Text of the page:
Even though I’m in a good mental place at the moment and have my anxiety under control I always have to be vigilant that the ‘addictive voice’ I spoke of in the last blog post (or ‘the beast’ which I often call it) can strike at any point. It’s not just when we are bored, stressed, tired, anxious or depressed that it rears it’s head. I found yesterday and today that despite being active and happy in oneself, the internal conversation can start. The scary thing about it is that sometimes I don’t even realise I’m in dialogue with my AV. I’ll give you an example…
I’ve been very clear about my Big Plan and a lifetime of abstinence from alcohol. Not in question, I won’t drink today, tomorrow or in 10 years time. I’m committed to the long game. Me. I am.
So why yesterday when I was at the football did it cross my mind to have a few pints in the sun at the pub across the road from the stadium? I drive to the matches for a start but there I was saying the driving was actually a safety net because I couldn’t have more than one or two prematch drinks as I’d need to get behind the wheel a few hours later after the game.
But wait a minute. Why have I just had this conversation with myself? I don’t drink. I won’t be drinking ever again. Ah, wait a minute. I know this! I made the bloody decision. It’s that sneaky bastard known as my ‘Beast’. He’s quietly slipped the idea into my consciousness when I was in a good mood and looking forward to a day at the football. First game of the season, sun is shining and everybody is in good spirits.
Nipped. In. The. Bud.
But again today, here I am with my 3yr old daughter who I’ve just collected at lunchtime from the child minder. We drove the short distance to the town centre to do a few errands (and most importantly buy some paint for our allotment scarecrow making later this week). We walked past one of the many pubs on the front street and I heard my name called. It was my parents sitting in the sunshine having a drink. We went over and my Mam asked if we’d like a drink (she meant a coffee as she’s very supportive of my sobriety). So we sat down in the beer garden and I had an Americano. No issue there. No anxiety. No fear of missing out watching my Dad drink his pint of Madri.
It wasn’t until 30 mins later or so as we said our goodbyes and headed on our way back to the car that the conversation started again in my head. It wasn’t as clear and direct as yesterday because my addictive voice wasn’t telling me a pint with my Dad would have been nice, etc. It was more to do with the secret drinking I used to do. Here is how it went…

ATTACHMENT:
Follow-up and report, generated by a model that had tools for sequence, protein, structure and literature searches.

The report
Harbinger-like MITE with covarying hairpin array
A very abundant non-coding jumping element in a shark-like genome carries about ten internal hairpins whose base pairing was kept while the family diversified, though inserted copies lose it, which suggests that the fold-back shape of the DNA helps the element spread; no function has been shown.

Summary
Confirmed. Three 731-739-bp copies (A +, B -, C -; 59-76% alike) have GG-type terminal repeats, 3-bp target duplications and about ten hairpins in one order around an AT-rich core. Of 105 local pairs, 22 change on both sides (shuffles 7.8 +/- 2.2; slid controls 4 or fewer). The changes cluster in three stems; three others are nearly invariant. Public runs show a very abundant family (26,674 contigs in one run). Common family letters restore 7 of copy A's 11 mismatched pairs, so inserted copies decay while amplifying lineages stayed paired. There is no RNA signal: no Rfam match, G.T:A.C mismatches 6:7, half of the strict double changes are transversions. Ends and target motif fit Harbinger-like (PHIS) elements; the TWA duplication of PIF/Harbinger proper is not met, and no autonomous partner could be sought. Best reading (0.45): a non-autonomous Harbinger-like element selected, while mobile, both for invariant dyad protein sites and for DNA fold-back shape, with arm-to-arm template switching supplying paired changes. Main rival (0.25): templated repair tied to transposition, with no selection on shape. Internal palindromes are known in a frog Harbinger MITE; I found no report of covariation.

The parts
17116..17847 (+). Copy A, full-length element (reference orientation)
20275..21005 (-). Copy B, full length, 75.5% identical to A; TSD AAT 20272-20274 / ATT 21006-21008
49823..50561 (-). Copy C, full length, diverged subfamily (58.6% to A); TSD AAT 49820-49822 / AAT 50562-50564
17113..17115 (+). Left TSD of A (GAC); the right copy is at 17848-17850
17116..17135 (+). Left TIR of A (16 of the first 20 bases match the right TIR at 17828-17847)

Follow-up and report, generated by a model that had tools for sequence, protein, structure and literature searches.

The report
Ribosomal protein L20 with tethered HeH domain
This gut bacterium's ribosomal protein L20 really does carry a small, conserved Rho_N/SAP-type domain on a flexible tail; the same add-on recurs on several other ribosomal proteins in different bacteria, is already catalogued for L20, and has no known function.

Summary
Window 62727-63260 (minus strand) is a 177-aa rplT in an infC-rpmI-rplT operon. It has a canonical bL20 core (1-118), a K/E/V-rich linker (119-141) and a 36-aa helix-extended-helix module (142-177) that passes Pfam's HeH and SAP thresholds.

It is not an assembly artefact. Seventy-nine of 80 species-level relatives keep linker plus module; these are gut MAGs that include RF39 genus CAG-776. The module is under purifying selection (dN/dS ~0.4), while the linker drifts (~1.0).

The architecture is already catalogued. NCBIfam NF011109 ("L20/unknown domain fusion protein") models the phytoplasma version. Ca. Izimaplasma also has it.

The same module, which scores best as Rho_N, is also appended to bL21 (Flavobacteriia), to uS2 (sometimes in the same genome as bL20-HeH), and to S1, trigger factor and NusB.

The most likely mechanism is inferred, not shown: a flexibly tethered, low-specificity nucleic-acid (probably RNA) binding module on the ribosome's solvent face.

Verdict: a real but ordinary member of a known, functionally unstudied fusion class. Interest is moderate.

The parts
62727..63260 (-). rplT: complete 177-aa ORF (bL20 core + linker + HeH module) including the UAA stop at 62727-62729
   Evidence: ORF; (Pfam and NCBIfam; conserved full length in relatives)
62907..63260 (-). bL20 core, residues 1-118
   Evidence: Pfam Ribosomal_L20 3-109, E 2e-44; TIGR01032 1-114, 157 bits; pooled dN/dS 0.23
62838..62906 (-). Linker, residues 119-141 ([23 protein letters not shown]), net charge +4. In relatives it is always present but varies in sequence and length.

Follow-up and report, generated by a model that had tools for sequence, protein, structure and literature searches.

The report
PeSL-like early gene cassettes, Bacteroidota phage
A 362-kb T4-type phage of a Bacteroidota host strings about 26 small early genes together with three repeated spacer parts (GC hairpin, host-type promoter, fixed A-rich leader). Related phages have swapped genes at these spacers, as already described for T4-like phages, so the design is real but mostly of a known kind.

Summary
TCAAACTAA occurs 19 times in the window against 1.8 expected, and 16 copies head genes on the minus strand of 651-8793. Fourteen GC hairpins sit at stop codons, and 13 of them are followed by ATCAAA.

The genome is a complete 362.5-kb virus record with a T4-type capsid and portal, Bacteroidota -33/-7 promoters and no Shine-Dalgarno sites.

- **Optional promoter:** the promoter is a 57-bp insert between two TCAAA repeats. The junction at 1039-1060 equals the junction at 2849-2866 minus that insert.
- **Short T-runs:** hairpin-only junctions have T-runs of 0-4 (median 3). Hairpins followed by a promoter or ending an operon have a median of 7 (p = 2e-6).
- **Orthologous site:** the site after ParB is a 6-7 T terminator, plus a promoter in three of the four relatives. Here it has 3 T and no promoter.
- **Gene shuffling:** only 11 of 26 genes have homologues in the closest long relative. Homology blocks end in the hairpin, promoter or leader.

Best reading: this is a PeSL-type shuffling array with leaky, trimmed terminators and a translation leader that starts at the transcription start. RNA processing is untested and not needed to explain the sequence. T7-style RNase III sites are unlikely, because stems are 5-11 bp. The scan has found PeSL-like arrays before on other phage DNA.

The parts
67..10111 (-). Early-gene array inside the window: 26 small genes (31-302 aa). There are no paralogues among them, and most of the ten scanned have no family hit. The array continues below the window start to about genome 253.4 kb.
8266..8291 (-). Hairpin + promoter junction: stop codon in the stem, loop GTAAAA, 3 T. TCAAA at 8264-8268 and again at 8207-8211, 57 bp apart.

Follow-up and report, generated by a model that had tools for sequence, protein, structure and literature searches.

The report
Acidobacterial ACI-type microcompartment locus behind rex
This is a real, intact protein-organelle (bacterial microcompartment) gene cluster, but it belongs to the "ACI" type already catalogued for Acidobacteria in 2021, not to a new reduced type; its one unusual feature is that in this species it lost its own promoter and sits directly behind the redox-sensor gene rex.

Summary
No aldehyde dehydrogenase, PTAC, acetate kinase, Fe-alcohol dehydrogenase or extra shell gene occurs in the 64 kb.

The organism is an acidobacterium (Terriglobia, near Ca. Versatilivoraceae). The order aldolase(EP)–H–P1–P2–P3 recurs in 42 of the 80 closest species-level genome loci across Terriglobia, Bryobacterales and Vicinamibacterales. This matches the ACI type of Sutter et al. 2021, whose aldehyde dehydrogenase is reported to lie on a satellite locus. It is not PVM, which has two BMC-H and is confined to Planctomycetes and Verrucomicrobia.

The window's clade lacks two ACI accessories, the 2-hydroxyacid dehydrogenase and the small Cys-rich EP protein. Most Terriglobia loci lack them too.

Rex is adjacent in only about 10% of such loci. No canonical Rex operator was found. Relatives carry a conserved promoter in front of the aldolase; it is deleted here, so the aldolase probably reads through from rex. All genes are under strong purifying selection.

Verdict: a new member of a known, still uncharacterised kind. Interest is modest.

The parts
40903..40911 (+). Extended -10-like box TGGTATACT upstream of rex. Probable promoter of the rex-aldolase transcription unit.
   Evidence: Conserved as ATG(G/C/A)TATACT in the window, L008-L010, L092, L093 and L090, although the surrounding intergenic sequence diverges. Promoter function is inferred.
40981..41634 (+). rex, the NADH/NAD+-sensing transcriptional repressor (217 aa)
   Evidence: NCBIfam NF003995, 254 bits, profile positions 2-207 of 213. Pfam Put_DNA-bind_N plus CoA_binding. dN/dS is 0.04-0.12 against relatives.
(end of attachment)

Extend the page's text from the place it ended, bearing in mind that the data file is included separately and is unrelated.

You do know you could still have a pint in a beer garden when working away or if out and about on your own?! Your problem is drinking when you are in a bad place mentally. If you apply a plan like you’re doing with so many other aspects of your life it would be fine. Just say to yourself, I’m only going to have two pints. No more. Two pints. Done. Don’t drink to get pissed or to suppress anxiety, just enjoy a cold pint like you used to. Nobody ever needs to know anyways. Just do it occasionally on your own.
I have no plans to be on my own anywhere or working away anytime soon so not sure why my AV even mentioned that scenario. All that said and done, my AV doesn’t play by any particular set of rules so it’s important not to overanalyse the internal conversations. The model of addiction shows that the ‘AV/Beast’ has no direct means to get what it wants. It must appeal to us to get alcohol or drugs into our bloodstream. It cannot speak, it cannot see, it has no arms or legs, and it has no intelligence of its own. But it uses our thoughts, sees through our eyes, creates strong feelings, and persuades us to use our hands, arms and legs in to obtain its favorite substance.
So nothing has changed here. I’m still sober and I still have my big plan in place. I just had a reminder that sometimes you’ll get a little visit when you least expect it.
One thought on “A Pint won’t hurt”
Your AV/Beast is my Chimp and it has conversations like that with me all the time. The important thing I learned is that I can’t control it, it’s driven by emotion and survival and always there; while I can’t control it, I can manage it. Like you’ve already said, it has no direct power. It can’t control my limbs or movements, that’s a choice I make based on influence from the logical and emotional parts of my brain (or in my case the human and the chimp) I let the chimp have his say, let him tire himself out, and then the human applies logic and I move on. Great post again.
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